California County GOP Leader Addresses Unearthed Video With Nazi Imagery

The chairman of the San Diego Republican Party in California explained how his photo came to be in a video also containing Nazi imagery, saying it was made by members of a "hacker group" he was once part of.

Tony Krvaric spoke out after a video, reportedly from the early 90s, shows him on screen as a digitized image of Adolf Hitler bounces around shaking his arm, which has a swastika badge on it.

When it initially resurfaced and was reported on by local outlet KPBS, Krvaric tweeted: "To go back 30 years to when I was a teenage computer nerd to smear me is low."

He added the video was "a computer animation programmed by someone else on a computer that's been defunct for three decades."

Krvaric subsequently wrote: "For the record any Nazi imagery is disgusting. I didn't create the computer animation, didn't choose the graphics, and I obviously don't support anything like that."

Further explaining the video, after a backlash from figureheads in San Diego, he said it was made when he was part of a group of computer game hackers name Fairlight—the name of which scrolls across the screen throughout the video.

The group would crack games, removing copyright protections, then also make videos to highlight their computer skills.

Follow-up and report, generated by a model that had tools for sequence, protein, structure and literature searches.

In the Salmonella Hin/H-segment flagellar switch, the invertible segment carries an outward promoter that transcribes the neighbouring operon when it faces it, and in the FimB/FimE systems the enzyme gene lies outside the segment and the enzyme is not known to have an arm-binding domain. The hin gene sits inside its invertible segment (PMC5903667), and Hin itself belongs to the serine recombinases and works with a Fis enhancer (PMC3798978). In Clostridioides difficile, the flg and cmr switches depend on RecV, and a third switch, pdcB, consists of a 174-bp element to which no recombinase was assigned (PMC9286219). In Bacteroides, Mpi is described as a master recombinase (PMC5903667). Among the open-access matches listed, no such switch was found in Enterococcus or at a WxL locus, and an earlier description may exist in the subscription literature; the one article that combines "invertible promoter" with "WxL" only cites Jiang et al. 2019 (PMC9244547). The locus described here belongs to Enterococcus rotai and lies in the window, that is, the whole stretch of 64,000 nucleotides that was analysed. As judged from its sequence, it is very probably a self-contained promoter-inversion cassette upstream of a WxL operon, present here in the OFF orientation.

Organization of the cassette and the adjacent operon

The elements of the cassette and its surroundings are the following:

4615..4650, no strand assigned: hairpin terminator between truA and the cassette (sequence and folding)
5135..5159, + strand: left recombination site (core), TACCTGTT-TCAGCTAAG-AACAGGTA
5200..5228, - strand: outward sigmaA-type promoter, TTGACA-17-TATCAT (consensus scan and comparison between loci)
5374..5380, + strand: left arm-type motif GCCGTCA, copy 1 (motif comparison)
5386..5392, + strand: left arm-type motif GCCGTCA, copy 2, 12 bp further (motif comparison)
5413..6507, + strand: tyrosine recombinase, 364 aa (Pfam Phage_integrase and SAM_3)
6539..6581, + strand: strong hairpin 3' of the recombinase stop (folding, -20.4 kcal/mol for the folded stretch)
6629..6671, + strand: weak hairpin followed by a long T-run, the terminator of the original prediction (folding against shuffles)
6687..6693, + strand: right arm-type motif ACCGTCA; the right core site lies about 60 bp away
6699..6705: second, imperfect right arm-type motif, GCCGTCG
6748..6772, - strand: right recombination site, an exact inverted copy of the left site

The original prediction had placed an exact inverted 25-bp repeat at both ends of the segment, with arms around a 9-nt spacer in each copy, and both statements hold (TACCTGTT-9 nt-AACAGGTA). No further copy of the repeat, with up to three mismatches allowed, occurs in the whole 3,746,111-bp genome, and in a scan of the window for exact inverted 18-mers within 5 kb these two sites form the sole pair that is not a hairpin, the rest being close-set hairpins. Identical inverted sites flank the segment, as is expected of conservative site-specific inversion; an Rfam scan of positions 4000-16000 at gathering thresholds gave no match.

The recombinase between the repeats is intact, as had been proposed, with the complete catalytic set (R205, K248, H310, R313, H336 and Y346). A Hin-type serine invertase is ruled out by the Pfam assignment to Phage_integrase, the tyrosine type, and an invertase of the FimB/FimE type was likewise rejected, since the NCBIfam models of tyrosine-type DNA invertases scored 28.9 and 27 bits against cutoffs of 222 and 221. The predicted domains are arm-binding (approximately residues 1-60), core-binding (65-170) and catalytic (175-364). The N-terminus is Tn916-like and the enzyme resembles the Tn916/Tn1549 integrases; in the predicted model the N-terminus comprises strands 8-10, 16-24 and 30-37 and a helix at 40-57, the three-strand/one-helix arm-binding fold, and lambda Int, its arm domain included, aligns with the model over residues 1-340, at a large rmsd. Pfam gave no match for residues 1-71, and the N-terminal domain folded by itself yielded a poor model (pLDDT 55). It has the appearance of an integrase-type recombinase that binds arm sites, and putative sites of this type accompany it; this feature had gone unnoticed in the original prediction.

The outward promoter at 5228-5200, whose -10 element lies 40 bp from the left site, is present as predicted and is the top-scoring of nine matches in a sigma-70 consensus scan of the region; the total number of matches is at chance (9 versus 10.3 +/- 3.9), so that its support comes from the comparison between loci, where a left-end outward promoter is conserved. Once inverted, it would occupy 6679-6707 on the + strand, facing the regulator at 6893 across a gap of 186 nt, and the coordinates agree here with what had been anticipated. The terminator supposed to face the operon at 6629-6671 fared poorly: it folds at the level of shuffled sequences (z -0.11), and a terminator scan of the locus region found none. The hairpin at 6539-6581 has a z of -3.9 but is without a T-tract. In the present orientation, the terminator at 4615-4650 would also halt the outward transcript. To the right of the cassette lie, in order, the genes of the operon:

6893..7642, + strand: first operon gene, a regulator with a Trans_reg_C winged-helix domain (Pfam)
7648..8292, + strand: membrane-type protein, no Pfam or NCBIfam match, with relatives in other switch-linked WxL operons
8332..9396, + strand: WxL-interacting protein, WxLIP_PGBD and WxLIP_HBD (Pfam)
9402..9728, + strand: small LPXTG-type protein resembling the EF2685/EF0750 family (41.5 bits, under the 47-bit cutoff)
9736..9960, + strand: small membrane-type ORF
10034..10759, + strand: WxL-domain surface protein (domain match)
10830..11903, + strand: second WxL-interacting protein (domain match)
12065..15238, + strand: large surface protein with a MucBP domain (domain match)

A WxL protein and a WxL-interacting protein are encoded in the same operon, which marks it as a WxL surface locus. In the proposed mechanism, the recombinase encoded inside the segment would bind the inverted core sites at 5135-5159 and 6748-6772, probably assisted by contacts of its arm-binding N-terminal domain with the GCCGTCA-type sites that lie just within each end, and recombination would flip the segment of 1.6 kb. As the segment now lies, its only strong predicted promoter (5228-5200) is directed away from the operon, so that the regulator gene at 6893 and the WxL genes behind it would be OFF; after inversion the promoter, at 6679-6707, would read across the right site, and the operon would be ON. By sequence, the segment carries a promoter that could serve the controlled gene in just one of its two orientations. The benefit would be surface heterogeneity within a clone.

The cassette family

Kravric told The San Diego Union-Tribune: "Usually it would be some bravado about girls or 'Our hacker group is better than your hacker group. It's basically like graffiti gangs.

"Fairlight probably cracked hundreds of games and made over 200 demos over two primary computers."

Working from home status pic! Third webinar of the day. Beard outgrowing my hair. This, too, shall pass. Stay calm and positive everyone! #murica

— President-elect Tony P. Krvaric - 🇺🇸🇸🇪🇭🇷 (@TonyKrvaric) April 2, 2020

Krvaric reiterated that he found the images "in bad taste."

"Of course it's in bad taste and it's offensive. All those things go without saying," he said.

He also shared a link to the article detailing his latest comments, writing "FOR THE RECORD" alongside the post. The video, he claimed, had previously been "shopped around" to media outlets to try and smear him.

Krvaric was elected San Diego County Republican Party chairman in 2007. He announced earlier this year he will not seek another term and will stand down when his current tenure ends in January 2021.

Announcing this, he said despite stepping down he would "find other ways to serve."

"Politics is in my blood. Rest assured I am not going away but will find other ways to serve and advance freedom," he said.

Newsweek has contacted Tony Krvaric for further comment.

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The elephant, a symbol of the Republican Party, on a rug in the lobby of the Republican Party's headquarters in Washington. The chair of a local GOP party has responded to having been in a video containing Nazi imagery. Brooks Kraft LLC/Corbis via Getty Images